I think I differ from most folks who comment on this because I still think social media needs governance. Governance is wrongly perceived as a device to slow down and limit something. We seem to have forgotten why governance became an important issue in the enterprise, it was needed because the free for all that characterised intranets in the late 90s was not efficient and various problems of duplicated, abandoned, orphaned, contradictory, or just badly written sites proliferated.
It may have a radically different publishing model, but we can still judge a wiki in the same way we judge any other web site – is it providing me with the info I need.
But it’s a barrier to entry to force people to go through all the training needed to become a web writing expert, and people are too busy with their day jobs to do it anyway. Much as I would like to, we can’t make everybody read Jakob Neilsen – this isn’t to say that Jakob is usually spot on with what he says.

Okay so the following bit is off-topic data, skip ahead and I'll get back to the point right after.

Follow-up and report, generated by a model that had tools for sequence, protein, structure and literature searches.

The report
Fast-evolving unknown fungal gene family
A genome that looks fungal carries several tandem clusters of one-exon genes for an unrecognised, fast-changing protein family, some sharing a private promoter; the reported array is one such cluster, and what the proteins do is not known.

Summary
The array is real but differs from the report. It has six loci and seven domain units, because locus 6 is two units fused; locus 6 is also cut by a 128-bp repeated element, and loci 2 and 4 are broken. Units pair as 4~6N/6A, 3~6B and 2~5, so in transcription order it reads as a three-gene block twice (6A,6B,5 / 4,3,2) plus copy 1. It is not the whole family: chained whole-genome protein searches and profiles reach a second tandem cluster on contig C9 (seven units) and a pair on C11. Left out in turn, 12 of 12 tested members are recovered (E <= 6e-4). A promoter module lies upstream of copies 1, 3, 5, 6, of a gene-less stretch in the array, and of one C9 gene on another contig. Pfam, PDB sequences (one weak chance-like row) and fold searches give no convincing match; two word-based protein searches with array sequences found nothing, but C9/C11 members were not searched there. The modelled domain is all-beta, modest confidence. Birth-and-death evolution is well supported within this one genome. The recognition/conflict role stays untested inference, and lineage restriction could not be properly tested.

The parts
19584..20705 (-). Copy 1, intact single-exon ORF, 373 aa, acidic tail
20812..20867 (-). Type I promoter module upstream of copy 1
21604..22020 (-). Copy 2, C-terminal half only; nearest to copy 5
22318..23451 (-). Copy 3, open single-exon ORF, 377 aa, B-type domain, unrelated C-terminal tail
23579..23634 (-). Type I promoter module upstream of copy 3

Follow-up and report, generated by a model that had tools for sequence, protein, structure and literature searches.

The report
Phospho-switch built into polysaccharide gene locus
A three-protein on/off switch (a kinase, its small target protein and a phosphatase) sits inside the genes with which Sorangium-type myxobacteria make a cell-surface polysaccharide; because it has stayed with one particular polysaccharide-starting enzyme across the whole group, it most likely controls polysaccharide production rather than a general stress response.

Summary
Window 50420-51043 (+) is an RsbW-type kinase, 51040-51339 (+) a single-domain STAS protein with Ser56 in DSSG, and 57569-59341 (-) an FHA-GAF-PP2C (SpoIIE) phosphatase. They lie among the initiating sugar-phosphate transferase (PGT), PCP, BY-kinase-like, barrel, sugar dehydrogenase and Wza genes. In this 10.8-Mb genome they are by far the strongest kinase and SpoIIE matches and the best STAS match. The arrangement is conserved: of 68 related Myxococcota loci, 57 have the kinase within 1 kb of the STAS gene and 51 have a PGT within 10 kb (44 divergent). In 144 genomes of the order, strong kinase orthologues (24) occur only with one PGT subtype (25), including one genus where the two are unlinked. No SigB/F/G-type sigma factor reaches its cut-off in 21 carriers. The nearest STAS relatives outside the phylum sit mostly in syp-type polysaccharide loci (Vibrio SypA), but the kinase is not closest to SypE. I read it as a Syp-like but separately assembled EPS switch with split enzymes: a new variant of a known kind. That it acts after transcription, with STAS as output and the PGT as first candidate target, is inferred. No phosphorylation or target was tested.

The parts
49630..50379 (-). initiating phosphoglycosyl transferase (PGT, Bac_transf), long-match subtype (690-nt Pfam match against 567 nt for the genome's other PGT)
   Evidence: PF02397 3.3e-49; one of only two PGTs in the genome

There is a good model about how this can work already, wikipedia, but most commentators focus in on the amount of content contributors and fail to notice wikipedia has a very well defined set of standards and a good mechanism for allowing the users to flag pages that don’t meet this standards.
The standards can be arbitrary as long as they are consistent. There is no right answer to what font to use on a web page, but picking one and getting everybody to use it helps with the consistency.
With that in mind, here is a quiz on the small details of style.
A couple of the answers folks might disagree with (and if you do so, thats what blog comments are for!) the point is its a style guide (in quiz form) that most folks can understand.
And – not to be obvious or anything, but todays pop music link is Paul Wellers post Jam group The Style Council
Now rather overlooked, and often willfully, annoyingly mannered they did some cracking tunes (and a lot of dross). The best tune they did was this one, a stomping Curtis Mayfield homage to breaking down barriers.